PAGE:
Campus & Community

Stress adds years to life!:

3 min read

But don't try this at home unless you're a dwarf Bonsai tree

Larz Anderson bonsai collection curator Peter Del Tredici prunes a shapely specimen of the Hedge Sageretia, imported from China in 1989.

When Nietzsche said, “What does not destroy me makes me stronger,” he might have been speaking about bonsai trees.

Pond
Del Tredici feels the texture of the mostly dead trunk of the Pond Cypress collected from the wild in Florida.

According to Peter Del Tredici, curator of the Larz Anderson bonsai collection at Arnold Arboretum, the dwarf trees live longer than trees of the same species growing under natural conditions because of the stress to which they are regularly and deliberately exposed.

Every year, Arboretum staff cut away about 30 to 50 percent of the trees’ new growth and 25 to 30 percent of their root systems, not to mention training the branches with aluminum wire or nylon fishing line.

“Sometimes it looks like abuse, but actually the plants are very well cared for,” Del Tredici says. “Pruning induces rejuvenation of the shoots and roots, and this seems to slow down the physical aging process. With trees, unlike people, adversity promotes longevity.”

The results speak for themselves. The oldest tree in the collection, a compact hinoki cypress, has been under cultivation since 1737, when George Washington was a boy of five.

The little tree was one of about 40 specimens purchased by Larz Anderson in 1913 when he was ambassador to Japan. When he died in 1937, his widow donated the collection to the Arboretum. Unfortunately, the trees did not get the level of care they needed, and by 1962 the collection had shrunk to 27.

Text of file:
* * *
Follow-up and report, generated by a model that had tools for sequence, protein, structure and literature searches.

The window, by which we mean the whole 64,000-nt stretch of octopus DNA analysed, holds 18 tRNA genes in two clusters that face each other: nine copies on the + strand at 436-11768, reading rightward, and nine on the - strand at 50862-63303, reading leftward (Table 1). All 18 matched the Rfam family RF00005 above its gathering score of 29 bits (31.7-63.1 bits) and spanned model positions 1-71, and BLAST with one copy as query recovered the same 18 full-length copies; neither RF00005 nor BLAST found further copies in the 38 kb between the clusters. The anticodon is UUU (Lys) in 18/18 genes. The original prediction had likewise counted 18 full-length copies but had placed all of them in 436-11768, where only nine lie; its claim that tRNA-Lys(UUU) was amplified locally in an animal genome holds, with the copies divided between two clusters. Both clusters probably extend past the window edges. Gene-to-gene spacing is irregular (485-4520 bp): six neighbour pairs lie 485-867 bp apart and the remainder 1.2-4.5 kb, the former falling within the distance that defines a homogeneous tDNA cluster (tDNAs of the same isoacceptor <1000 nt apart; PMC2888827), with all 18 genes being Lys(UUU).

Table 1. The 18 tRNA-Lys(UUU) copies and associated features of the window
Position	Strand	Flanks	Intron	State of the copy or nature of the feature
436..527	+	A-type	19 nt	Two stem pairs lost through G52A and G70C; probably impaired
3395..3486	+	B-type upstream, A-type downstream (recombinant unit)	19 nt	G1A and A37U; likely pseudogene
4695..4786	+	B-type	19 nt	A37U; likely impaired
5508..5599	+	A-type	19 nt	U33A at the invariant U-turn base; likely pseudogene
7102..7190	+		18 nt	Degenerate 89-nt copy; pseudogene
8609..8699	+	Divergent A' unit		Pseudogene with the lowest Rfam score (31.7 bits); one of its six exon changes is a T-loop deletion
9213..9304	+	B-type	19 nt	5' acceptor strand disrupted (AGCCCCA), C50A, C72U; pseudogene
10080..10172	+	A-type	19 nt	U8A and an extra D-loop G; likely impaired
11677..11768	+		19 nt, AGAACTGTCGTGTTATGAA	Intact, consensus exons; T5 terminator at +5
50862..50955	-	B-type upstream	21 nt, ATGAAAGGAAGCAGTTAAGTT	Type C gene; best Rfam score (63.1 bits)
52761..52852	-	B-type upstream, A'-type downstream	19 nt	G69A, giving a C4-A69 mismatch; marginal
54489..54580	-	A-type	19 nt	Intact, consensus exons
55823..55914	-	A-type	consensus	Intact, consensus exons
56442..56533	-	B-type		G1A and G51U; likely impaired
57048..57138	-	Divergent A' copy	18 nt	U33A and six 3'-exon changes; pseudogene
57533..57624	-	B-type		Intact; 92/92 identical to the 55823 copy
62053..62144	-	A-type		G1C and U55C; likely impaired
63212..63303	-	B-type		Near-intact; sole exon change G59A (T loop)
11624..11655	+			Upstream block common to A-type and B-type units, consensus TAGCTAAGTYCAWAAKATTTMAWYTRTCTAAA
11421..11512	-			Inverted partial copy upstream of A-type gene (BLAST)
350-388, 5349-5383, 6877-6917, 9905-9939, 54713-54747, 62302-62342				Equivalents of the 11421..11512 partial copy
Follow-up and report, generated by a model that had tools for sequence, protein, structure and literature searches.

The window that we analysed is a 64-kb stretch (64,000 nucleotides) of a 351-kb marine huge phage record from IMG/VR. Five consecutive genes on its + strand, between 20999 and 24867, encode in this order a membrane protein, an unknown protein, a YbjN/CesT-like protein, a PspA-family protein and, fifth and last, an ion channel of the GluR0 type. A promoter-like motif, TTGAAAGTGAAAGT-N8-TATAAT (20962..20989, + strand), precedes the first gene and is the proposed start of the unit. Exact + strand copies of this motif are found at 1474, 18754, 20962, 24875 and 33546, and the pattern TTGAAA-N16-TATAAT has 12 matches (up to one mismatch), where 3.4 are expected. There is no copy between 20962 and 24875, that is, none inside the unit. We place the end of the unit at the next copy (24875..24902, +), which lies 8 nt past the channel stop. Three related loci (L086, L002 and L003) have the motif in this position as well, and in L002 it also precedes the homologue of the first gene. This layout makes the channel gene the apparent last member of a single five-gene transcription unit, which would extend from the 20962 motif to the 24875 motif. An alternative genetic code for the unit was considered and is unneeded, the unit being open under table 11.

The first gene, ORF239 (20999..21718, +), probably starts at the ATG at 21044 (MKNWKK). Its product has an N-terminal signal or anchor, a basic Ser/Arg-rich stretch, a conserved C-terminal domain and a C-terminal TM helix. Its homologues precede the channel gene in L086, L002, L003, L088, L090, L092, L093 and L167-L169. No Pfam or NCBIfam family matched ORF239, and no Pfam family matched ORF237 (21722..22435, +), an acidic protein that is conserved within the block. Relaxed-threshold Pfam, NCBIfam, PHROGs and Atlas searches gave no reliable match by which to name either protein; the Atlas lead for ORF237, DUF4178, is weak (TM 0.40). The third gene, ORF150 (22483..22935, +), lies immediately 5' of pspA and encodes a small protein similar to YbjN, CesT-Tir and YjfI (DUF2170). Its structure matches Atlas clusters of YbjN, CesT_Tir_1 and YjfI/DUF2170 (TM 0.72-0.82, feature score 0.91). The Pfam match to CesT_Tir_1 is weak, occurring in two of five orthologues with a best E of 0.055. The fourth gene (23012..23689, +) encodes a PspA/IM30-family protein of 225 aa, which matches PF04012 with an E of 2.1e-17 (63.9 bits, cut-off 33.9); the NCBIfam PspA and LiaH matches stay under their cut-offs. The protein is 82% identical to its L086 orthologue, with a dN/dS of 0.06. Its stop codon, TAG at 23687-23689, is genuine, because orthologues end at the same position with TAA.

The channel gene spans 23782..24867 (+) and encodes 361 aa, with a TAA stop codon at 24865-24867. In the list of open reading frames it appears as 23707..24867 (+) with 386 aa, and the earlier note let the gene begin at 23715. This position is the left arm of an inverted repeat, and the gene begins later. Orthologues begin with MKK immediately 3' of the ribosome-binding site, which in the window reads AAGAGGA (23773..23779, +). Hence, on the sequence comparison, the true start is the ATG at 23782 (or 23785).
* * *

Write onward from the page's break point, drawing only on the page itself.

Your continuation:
Anderson Bonsai
Watering the trees is just part of Del Tredici's job.</p>

[/caption]But this was also the year that the collection was moved to new, specially designed quarters – a hexagonal redwood lath house for displaying the trees during the growing season and a concrete block storage unit that keeps them in a state of suspended animation for the winter months at a temperature just above freezing.

In 1969, Constance Derderian, who had studied the art of bonsai in New York and Japan, was brought on to care for the collection. Del Tredici, now director of living collections, worked as her apprentice and took over when she retired in 1984.

“It felt like an awesome responsibility when I first started, but the easiest way to kill a bonsai plant is to do nothing, so being paralyzed by fear is just about the worst thing you can do to a bonsai tree.”

Lace Bark
The hollow, leaning trunk and bark of a 100-year-old Lace Bark Elm lives a twisted, if flourishing, life.

Bonsai need a higher level of care and attention than most plants, Del Tredici says, and so he doesn’t recommend them for the average homeowner.

“You can’t really go away on vacation. It’s like having a dog. I tell people the secret to caring for bonsai is to have a staff look after them.”

But while the trees need a fair amount of attention to keep them in top shape, they are actually tougher than they might seem and are quite tolerant of less than ideal treatment.

“These trees have been through hell and back over the course of their long lives. They’ve been through wars, revolutions, and long periods of neglect, and they’re still kicking. That’s something that gives me great hope and confidence.”